This article is in reference from Vice. by Tim Geyer
CPharm has set aside the market for medical cannabis, focusing on flowers of varied compositions, transitioning this as an active ingredient to produce pharmaceutical products, with a more streamlined distribution network.
The company’s owner and CEO, Werner Zimmerman, claims the company has already established a presence in regions worldwide, including; Lesotho, Morroco Kazakhstan, Kyrgyzstan, North Macedonia, and Cyprus, with the project at Kazakhstan raking up a 500 million Euro investment. He plans to use Afghan territories as regions to grow cannabis, pending complete legalization in Germany.
Since the Taliban take over, this has been the first major economic deal for the country. As Europe fails to recognize the Taliban as an arm of government, which comes down to the problem; According to Steve Rolles, a senior policy analyst with the Transform drug policy foundation in the UK, “There is also the obvious concern that an injection of capital will enrich and empower the highly problematic Taliban regime—which is the reason why traditional aid donors have been very reluctant to return to Afghanistan since the allied withdrawal, despite the obvious needs of Afghani people.”
Zimmerman has claimed to have ties with the Afghani since 1991, training as an athlete in Almaty. Although his close bond with the Taliban and even acting as an international diplomat on their behalf. “The ethics and morals that prevail in Afghanistan have nothing to do with my view of humanity, but I can’t change it either,” says Zimmermann.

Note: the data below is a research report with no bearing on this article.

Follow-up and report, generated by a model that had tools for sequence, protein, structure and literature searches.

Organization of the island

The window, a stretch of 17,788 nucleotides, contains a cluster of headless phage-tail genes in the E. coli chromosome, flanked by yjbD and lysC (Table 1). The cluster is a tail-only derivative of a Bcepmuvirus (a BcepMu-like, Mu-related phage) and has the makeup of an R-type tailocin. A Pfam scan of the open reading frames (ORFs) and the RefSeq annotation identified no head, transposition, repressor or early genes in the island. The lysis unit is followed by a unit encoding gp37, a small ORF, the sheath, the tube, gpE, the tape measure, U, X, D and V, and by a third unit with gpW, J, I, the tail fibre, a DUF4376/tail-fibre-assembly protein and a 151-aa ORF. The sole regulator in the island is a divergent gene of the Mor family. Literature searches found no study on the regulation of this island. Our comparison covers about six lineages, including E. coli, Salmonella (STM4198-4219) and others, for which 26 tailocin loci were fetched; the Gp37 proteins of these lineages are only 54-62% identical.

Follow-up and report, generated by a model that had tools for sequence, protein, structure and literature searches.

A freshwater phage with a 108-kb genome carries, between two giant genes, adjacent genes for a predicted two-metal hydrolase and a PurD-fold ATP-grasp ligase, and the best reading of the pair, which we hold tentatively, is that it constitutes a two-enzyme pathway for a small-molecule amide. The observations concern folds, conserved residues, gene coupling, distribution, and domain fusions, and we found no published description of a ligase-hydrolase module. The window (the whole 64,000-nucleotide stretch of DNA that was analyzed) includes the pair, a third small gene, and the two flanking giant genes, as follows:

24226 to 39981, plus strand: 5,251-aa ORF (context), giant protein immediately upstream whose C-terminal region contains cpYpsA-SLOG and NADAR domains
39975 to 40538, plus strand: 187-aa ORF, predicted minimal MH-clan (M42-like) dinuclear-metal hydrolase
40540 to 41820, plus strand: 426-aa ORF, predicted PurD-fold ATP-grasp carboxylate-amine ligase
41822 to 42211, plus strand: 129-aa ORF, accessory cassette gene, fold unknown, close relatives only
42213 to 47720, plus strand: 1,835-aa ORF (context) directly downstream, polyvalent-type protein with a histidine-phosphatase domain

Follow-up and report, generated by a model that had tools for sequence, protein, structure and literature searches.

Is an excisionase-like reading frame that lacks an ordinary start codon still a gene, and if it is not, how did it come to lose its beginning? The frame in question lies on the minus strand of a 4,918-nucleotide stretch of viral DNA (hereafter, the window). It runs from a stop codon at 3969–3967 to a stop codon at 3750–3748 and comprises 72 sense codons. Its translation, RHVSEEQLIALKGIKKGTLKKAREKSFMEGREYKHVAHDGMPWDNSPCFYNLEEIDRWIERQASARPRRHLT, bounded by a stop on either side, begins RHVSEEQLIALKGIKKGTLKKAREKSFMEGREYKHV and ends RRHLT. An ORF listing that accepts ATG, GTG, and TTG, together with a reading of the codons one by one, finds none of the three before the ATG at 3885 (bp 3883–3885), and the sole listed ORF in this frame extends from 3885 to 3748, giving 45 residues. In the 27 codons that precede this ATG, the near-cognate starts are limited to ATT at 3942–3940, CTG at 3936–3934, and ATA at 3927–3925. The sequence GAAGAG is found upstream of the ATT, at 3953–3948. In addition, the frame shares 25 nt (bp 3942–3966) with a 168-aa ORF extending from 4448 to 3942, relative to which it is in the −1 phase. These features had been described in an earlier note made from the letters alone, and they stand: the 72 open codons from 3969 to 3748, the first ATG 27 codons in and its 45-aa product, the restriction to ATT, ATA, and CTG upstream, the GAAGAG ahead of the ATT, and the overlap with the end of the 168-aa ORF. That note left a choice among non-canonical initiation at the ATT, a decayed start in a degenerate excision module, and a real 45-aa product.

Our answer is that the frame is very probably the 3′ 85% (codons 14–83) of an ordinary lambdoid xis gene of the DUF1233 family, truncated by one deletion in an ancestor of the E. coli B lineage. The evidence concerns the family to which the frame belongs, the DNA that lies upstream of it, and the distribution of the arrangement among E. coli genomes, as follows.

However, the Taliban are taking things into their hands, signing a $450 million investment with Cpharm to develop a cannabis processing plant. The Deputy Minister of Counter Narcotics and Ministry of Interior affairs are present at the investment sign-off.
Yesterday, the Deputy Minister for Counter Narcotics, Ministry of Interior Affairs met with a representative of Cpharm Company.
Cpharm will invest $450 million in setting up a hashish-processing company in Afghanistan.1/2 pic.twitter.com/4rSkdBH54U
— Ministry of Interior Affairs- Afghanistan (@moiafghanistan) November 24, 2021
The economic crackdown on the Taliban has led to sanctions on its trade. CPharm is on the losing end as Germany inches closer to complete legalization; as of November 2021, the new government reached an agreement to legalize cannabis and relax border policies concerning cannabis.
The trade deal between Cphram and the Taliban remains on pause as Zimmerman has faced death threats from the European drug cartel. His long-term friend, now minister of interior of Kyrgyzstan, has offered advice against his ambitions within the region.
However, the businessman remains hopeful times will change as the company continues to diversify, investing in Cannabis facilities worldwide.